The First Law of Economics, the joke has it, is that for every economist there exists an equal and opposite economist.
The Second Law of Economics is that they are both wrong. Indeed, in my profession it often seems that way.
Take my fellow economist David Ndii, who recently wrote a lengthy and well-acclaimed paper making a case for less investment by African governments in infrastructure and more in agriculture.
In contrast, in most of my articles and speeches, and in a great deal of my firm’s work, you’ll see a significant emphasis on infrastructure as a means to growth, and on a lack of infrastructure being a significant bottleneck to development, including to development of the agricultural sector.
To put it in a different way: at Development Reimagined we take the view that agriculture cannot flourish without infrastructure, and to invest only in agriculture would be a waste of precious finance. But why?
Our emphasis, or “theory of change”, is partly explained by our headquarters being in China – a country a third the size of the African continent.
China has made modern infrastructure – from high-speed rail to large-scale irrigation to internet connectivity everywhere, including in the most rural of locations – a major priority in its development strategy.
China has put this emphasis on infrastructure despite the fact that its agriculture sector – like those of most African countries – was and remains dominated by poor smallholder farmers, who were not particularly literate or productive before infrastructure improvements began to be made.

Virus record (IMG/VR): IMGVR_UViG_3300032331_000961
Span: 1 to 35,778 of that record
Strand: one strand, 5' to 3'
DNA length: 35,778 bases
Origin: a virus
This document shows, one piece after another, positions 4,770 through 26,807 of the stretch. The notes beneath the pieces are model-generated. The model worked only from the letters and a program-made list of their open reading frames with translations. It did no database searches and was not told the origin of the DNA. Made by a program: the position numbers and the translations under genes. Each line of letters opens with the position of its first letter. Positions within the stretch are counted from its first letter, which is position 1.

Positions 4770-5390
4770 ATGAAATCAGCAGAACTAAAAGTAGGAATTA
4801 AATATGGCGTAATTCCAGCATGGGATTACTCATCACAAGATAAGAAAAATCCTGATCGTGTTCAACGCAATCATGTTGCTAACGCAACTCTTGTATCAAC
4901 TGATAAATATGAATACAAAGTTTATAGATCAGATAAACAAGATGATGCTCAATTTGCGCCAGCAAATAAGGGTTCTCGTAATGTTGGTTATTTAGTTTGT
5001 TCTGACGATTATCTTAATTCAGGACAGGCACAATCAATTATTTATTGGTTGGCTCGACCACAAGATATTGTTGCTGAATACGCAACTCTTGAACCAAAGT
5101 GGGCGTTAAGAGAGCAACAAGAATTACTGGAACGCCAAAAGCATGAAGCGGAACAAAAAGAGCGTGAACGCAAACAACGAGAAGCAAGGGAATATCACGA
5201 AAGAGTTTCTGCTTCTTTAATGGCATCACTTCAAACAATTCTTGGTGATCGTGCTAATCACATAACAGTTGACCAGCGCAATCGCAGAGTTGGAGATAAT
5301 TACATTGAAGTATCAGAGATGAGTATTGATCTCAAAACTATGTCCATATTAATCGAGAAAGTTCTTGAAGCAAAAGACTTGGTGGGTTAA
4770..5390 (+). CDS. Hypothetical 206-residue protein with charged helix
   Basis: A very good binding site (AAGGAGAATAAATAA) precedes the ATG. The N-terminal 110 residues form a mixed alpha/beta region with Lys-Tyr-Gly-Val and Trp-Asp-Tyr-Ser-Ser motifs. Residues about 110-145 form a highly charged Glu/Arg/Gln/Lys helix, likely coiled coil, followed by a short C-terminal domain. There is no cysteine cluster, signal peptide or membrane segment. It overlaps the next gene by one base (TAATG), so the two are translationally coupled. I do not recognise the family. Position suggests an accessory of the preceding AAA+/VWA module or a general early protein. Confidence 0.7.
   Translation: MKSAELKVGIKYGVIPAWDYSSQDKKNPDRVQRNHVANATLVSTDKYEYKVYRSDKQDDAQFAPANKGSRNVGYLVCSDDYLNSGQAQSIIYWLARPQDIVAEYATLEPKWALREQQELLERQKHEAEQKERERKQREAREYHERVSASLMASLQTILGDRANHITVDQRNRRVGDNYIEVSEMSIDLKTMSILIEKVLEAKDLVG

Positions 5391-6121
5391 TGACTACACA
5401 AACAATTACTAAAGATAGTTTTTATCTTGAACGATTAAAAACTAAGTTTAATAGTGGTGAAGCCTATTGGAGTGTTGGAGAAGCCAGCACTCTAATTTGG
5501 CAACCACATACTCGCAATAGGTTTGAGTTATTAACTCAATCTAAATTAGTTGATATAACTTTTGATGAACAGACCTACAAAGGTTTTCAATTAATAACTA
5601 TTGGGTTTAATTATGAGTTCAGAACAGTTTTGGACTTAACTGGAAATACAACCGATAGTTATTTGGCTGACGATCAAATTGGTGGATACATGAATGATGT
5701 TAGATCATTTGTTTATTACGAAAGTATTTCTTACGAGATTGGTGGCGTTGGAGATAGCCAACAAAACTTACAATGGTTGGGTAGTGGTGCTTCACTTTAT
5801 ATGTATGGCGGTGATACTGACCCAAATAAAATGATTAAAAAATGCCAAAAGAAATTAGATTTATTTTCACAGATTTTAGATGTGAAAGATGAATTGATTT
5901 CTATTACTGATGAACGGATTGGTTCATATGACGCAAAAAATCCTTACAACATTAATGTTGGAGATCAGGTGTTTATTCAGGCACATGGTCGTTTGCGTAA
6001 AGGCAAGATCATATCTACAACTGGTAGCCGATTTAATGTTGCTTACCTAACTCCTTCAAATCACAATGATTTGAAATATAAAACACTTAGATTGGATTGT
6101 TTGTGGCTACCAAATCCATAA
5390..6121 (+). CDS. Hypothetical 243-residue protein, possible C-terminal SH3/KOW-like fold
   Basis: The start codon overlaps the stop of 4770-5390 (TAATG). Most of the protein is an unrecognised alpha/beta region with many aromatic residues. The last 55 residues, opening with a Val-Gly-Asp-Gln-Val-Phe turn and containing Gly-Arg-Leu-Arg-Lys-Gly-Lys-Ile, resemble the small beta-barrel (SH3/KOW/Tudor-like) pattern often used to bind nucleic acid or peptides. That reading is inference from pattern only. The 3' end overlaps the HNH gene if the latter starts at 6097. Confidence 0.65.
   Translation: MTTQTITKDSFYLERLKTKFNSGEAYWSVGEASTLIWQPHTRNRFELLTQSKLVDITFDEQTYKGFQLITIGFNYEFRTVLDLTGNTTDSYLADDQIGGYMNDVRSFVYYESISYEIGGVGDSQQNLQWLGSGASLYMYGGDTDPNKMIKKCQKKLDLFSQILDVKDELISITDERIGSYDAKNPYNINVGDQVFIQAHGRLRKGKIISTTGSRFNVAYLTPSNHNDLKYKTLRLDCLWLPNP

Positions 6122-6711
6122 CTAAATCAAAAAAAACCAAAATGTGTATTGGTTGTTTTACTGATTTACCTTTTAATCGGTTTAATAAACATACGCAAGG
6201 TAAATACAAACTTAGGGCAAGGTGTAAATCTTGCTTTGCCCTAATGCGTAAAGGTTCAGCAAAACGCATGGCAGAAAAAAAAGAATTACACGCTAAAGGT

This raises the question, why has China felt that infrastructure is so crucial? And why do I agree?
Farmers must go to market
As an economist from a family that depends on agriculture to survive, I am painfully aware that agriculture cannot succeed on its own without infrastructure. Infrastructure is a necessary condition.
Farmers rationally grow crops either to eat them or to sell them in markets for a decent price.
If logistical costs are high, that will eat into farmers’ revenues, often so much that farmers will not have any incentive to grow the crops well, or at all. And why might logistical costs be high? Because of poor infrastructure.
So if you invest in infrastructure, you cut logistics costs, you raise the return for farmers to sell their crops, and ultimately raise their incentives to take advantage of market opportunities. By investing in infrastructure, you invest in the agriculture sector.
David Ndii, meanwhile, argues that the vast majority of infrastructure projects on the African continent are white elephants, and have been too far from rural markets to really benefit farmers.
Ndii argues that there has been an unproductive “infrastructure binge”, with the building of roads, ports, airports, hydropower plants and even railways.
Ndii is right that there has been a marked upturn, since the turn of the century in particular, in building large infrastructure in the region.
However, there has been nothing even resembling a “binge” on the African continent, especially if we consider the continent’s potential role as the world’s manufacturing hub, which makes economic sense given future global demographic shifts that will lead to high labour costs everywhere else.
It also makes sense for the region: farming on its own cannot provide sufficient jobs for African young people.
This is no binge
There has been no binge because even in Africa’s largest economies, from Egypt to South Africa, infrastructure is totally inadequate: 20% of South Africa’s citizens do not have access to any energy; Kenya’s figure is 29%. How can agricultural products have a chance of being processed in countries that have so little base energy supply?